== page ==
I wrote that a bit facetiously but only a little. A more fleshed out system might be something like
-write 30 minutes every day, 5 days a week
-read 1 book every month in my target genre to learn good writing
-get feedback from 3 friends, once a month on how my writing is
-practice 2 different kinds of scenes I struggle with once a month and get feedback
-find 3 articles a month to read about specific writing issues I’m struggling with
-commit to doing this system for 3 months and see how it’s going

Now you might look at this and say, “That’s way too much!” I thought that when I was writing it! If it’s scary, there’s no shame in paring back and not doing everything at once (maybe something like write 15 minutes every weekday). I’ve found that having realistic/slow burn systems better than expecting to run at breakneck speed. The important thing with a system is consistency. Build the system easy enough to enjoy the process and feel success each time you follow it.

I stumbled on systems in developing 500-50-5. It showed me a daily/weekly routine I could do that achieved the results I wanted. And it worked.

Many of my blog posts deal with creating systems, which I hadn’t realized until I wrote this post:
The War of Art is about using a system to become a professional creative
Take off Your Pants! is a system for outlining
-Creating playlists is just using systems to generate new ideas
NaNoWriMo is a system, including daily goals, meetings, and kickoffs
-Learning to play bagpipes was a system
-Even something like the Pomodoro technique is a kind of mini system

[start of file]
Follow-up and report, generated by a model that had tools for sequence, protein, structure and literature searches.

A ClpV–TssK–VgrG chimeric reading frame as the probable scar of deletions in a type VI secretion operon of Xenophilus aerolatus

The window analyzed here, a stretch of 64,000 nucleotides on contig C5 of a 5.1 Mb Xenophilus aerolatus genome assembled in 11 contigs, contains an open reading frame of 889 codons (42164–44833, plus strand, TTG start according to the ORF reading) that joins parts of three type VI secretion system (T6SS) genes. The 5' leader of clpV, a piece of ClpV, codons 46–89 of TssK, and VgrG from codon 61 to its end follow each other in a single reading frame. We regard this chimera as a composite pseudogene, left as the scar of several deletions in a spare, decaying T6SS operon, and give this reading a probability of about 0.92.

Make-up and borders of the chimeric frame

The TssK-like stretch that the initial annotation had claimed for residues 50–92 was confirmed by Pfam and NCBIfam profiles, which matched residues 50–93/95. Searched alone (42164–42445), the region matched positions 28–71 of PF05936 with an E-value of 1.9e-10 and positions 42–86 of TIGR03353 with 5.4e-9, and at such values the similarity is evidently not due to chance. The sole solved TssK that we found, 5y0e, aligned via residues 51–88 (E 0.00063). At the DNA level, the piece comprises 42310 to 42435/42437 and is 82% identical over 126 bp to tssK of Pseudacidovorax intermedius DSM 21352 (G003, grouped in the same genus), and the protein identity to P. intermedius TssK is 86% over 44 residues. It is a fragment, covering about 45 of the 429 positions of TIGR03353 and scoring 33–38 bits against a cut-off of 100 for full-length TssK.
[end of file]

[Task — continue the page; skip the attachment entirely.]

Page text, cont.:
As I said before, my greatest successes in writing have all come through systems. Despite me wanting to reach goals, the only way I’ve been able to make meaningful progress is developing a system I can stick with that will reach the intended target, then simply working my hardest to stay on that system. If the system is well developed, it’ll take me to the intended results (and beyond!).

But what about you? Are there any systems you’ve used in your life for success in writing or otherwise? In your mind, how might a system look different than a goal?

4 thoughts on “Systems over Goals

  1. I attend two of the year-round local write-ins per week (barring travel or illness), which keeps me from sliding out of the writing habit for too long.
    Due to a change at work, my commute got longer and my work environment more stressful. I’ve started taking my lunch, and I’ve stepped away from my lunch buddies, so I can reclaim some of that time by eating and then writing. (As a side bonus, it’s also some nice introvertin’ time built into the middle of the day, which helps me make it through the afternoon).
    I’m having a little trouble establishing a “write before work” habit, but the mid-week morning write-in is helping that become my internal “normal”. It’s not the habit yet, but I shouldn’t be too resistant to implementing it as the year progresses.

    1. That sounds like a great system! I’ve tried the early morning writing too and it can be brutal. I used to write a bunch during lunch and that produced a ton of work after a month or two. Thanks for sharing about your systems!

      1. It works pretty well most of the time, or has since the change at work.
        On the other hand, one of my coworkers interrupted me just as I was starting to write, and it derailed me for a bit. So I only effectively ended up with about fifteen minutes (still enough time to dash out part of a scene, though!)